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    Distributed file systems need to provide for fault tolerance. This is typically achieved with the replication of files. Existing approaches to the construction of replicated file systems sacrifice strong semantics (i.e. the guarantees the systems make to running computations when failures occur and/or files are accessed concurrently). This is done mainly for efficiency reasons. This paper puts forward a replicated file system protocol that enforces strong consistency semantics. Enforcing strong semantics allows for distributed systems to behave more like their centralized counterparts-an essential feature in order to provide the transparency that is so strived for in distributed computing systems. One characteristic of our protocol is its distributed nature. Because of it, the extra cost needed to ensure the stronger consistency is kept low (since the bottleneck problem noticed in primary-copy systems is avoided), load balancing is facilitated, clients can choose physically close servers, and the work required during failure handling and recovery is reduced. Another characteristic is that, instead of optimizing each operation type on its own, file system activity is viewed at the level of a file session and the costs of individual operations were able to be spread over the life of a file session. We have developed a prototype and compared its performance to both NFS and a nonreplicated version of the prototype that also achieves strong consistency semantics. Through these comparisons, the cost of replication and the cost of enforcing the strong consistency semantics are shown View full abstract»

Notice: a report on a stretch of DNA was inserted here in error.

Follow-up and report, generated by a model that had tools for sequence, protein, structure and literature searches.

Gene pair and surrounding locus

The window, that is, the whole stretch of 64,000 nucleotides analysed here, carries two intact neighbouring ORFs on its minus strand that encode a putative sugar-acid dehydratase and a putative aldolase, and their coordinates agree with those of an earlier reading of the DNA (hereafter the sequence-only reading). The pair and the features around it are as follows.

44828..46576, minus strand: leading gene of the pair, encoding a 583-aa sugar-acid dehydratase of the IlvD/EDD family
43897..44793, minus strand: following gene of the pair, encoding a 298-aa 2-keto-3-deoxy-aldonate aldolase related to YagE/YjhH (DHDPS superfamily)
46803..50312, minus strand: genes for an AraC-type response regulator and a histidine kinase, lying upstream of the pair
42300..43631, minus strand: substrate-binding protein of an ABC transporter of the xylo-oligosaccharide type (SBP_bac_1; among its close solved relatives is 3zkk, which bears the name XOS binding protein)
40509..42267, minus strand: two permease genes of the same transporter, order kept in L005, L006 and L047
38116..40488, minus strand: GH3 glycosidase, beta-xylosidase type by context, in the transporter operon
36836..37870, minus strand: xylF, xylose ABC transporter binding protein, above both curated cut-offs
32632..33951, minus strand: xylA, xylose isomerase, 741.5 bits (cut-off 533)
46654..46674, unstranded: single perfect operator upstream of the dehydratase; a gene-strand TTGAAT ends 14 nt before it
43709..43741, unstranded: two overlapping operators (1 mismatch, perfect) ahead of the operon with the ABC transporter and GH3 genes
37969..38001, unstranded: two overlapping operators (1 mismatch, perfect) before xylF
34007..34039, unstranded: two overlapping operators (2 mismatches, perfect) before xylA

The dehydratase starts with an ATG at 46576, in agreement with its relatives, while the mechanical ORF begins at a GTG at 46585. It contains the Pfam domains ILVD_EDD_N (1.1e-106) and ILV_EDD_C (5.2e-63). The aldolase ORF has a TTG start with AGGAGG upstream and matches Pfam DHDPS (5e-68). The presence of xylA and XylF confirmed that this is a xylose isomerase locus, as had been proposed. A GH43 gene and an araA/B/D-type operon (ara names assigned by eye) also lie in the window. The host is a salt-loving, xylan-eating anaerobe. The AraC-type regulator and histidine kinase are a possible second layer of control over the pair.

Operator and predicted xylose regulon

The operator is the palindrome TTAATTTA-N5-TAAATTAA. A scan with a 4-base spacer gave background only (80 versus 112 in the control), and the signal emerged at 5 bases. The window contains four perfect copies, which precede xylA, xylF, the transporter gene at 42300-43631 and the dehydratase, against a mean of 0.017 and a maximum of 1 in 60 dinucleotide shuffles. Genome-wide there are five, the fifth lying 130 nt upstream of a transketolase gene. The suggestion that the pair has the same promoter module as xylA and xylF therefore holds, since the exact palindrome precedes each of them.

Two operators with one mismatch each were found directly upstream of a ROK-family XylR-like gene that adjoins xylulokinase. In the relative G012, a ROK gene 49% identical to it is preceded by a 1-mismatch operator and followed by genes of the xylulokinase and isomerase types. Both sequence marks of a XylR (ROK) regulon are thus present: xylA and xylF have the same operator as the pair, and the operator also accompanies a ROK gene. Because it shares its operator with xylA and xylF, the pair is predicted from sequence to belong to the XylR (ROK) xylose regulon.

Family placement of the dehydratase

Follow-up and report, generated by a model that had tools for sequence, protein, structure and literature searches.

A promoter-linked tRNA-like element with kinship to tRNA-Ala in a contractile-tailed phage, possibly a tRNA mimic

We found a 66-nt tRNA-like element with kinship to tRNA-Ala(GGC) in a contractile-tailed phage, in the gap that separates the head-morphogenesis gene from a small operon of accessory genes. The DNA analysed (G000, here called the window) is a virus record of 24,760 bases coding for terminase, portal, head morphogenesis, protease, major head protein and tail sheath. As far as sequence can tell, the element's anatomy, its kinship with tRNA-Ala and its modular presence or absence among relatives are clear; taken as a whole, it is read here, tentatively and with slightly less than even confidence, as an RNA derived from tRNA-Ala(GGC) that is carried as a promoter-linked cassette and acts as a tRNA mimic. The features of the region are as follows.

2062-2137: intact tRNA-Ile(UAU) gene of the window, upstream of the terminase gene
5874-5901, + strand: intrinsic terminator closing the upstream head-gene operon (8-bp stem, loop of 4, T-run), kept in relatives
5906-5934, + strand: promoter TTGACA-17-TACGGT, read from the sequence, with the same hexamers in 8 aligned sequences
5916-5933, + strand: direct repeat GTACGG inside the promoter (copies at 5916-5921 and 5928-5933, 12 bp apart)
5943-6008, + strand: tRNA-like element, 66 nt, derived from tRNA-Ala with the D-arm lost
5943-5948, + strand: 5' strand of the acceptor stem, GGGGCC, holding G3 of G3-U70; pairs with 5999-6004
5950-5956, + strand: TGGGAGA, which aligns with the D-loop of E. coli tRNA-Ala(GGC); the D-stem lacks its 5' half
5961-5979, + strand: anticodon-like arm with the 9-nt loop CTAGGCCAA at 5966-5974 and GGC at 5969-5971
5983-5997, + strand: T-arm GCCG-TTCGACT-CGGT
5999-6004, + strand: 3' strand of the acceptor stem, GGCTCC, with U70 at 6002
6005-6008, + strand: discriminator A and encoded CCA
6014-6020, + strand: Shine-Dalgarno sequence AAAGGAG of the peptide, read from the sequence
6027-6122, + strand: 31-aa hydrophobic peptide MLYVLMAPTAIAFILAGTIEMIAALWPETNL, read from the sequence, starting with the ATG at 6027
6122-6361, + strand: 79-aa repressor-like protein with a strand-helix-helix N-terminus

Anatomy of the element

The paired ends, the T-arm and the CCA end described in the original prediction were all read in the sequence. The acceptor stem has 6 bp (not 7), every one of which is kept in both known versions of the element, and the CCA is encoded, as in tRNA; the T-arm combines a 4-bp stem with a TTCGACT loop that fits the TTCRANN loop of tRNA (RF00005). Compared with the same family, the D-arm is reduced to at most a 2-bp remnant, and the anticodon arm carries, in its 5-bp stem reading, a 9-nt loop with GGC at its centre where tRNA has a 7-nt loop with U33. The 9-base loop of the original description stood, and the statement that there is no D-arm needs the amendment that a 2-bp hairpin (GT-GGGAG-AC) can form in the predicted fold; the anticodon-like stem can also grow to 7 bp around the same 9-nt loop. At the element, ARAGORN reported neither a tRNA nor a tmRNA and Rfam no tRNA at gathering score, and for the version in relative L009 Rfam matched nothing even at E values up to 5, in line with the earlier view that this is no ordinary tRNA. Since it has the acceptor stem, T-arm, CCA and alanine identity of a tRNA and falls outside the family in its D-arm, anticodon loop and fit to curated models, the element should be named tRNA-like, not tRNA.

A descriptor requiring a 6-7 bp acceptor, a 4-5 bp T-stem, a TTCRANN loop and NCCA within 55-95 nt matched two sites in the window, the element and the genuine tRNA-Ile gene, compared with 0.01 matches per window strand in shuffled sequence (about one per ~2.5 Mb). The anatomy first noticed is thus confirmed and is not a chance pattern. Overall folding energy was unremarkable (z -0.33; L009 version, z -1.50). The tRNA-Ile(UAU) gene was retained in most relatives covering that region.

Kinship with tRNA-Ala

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  • A note on regeneration with virtual copies

    Page(s): 56 - 59